French President Emmanuel Macron denied allegations that his handling of the coronavirus pandemic was devolving into authoritarianism.
He said the French fight against Covid-19 was a democratic effort and that his critics were trying to score political points.
“Never before in our history was a crisis of such magnitude fought in such a democratic way,” Mr Macron said.
As he rebuffed accusations of dictatorialism on Wednesday, he called for people to get vaccinated and said the highly contagious Delta variant remained dangerous.
“The health crisis is not behind us, very clearly. We will live for several more months with this virus,” he said.
“We exceeded the 9,200 hospitalisations for Covid at the start of the week, a level we had not reached since June. The bar of 1,600 patients has also been crossed."
Mr Macron said France was facing two threats – one on the domestic front from the Delta strain and one in its overseas territories, such as Guadeloupe and Martinique, where case numbers are rising among a less widely vaccinated population.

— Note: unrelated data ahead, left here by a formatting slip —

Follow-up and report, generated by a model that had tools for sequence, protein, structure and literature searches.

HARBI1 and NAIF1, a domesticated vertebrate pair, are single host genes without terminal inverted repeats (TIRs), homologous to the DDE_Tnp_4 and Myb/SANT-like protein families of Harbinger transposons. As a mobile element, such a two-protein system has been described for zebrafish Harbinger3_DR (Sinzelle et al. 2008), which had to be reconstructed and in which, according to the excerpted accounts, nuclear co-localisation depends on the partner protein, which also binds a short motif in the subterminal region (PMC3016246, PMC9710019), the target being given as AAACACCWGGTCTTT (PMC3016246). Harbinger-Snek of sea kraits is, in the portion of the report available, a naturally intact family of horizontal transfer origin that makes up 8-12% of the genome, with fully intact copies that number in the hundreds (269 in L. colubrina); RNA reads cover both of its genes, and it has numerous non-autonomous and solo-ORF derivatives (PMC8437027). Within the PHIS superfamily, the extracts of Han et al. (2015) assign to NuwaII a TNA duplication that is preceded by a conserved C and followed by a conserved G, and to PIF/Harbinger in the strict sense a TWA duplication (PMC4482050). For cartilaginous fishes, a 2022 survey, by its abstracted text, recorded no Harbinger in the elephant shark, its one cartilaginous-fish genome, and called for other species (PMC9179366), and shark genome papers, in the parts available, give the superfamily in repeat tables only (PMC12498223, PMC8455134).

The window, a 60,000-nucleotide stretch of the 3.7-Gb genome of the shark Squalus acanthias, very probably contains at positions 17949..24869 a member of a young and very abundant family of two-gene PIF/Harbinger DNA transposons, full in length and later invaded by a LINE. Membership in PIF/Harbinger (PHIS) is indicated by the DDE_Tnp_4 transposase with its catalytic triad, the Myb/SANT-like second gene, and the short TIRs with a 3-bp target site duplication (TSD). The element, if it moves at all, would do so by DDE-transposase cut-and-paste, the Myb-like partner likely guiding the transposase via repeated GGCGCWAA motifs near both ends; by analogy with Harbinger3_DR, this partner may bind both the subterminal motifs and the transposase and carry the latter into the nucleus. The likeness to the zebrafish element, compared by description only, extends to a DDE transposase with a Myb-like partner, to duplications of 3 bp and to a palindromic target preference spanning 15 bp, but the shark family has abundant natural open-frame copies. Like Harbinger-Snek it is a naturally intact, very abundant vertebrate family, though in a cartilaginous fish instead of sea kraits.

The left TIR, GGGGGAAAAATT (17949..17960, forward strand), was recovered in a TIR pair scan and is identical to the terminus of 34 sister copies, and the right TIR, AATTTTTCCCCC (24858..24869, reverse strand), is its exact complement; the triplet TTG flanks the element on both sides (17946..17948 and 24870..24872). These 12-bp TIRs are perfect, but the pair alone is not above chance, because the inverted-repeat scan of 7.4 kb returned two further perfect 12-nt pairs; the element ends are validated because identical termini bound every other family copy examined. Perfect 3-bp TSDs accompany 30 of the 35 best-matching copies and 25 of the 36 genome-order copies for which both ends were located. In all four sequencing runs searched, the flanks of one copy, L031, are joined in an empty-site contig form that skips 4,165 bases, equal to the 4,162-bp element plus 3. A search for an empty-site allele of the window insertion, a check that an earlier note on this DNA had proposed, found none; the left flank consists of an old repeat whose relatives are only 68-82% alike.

“I wanted us to be able to bring together this Health Council because under the effect of the variant known as Delta, the health situation is more than delicate and requires our mobilisation,” he said.
His comments follow a fourth consecutive weekend of demonstrations in major French cities against ‘health pass’ measures making access to restaurants, museums and most places of entertainment conditional on proof of vaccination or a recent negative Covid test.
Some protesters say the new rules encroach on civil liberties and fear the health pass, introduced as a temporary measure, will become a permanent requirement.
But there has been increasing vaccination take-up since it was announced in July and two thirds of French citizens age 12 and over are now fully vaccinated, government data shows.
While vaccination rates are high in France, infections are increasing sharply in many of its territories.
About 20 per cent of people age 12 and above are fully vaccinated in the West Indies, a “cruel proof” that shows the shots are the most efficient tool against Covid-19, Mr Macron said.
“Today, we thus face a situation, especially in Guadeloupe and Martinique, that is dramatic,” the president said. Hospitals were already overwhelmed in the two territories, he said.
At least 100 intensive care beds are needed for Guadeloupe, the Minister for Overseas Territories Sebastien Lecornu said on Tuesday.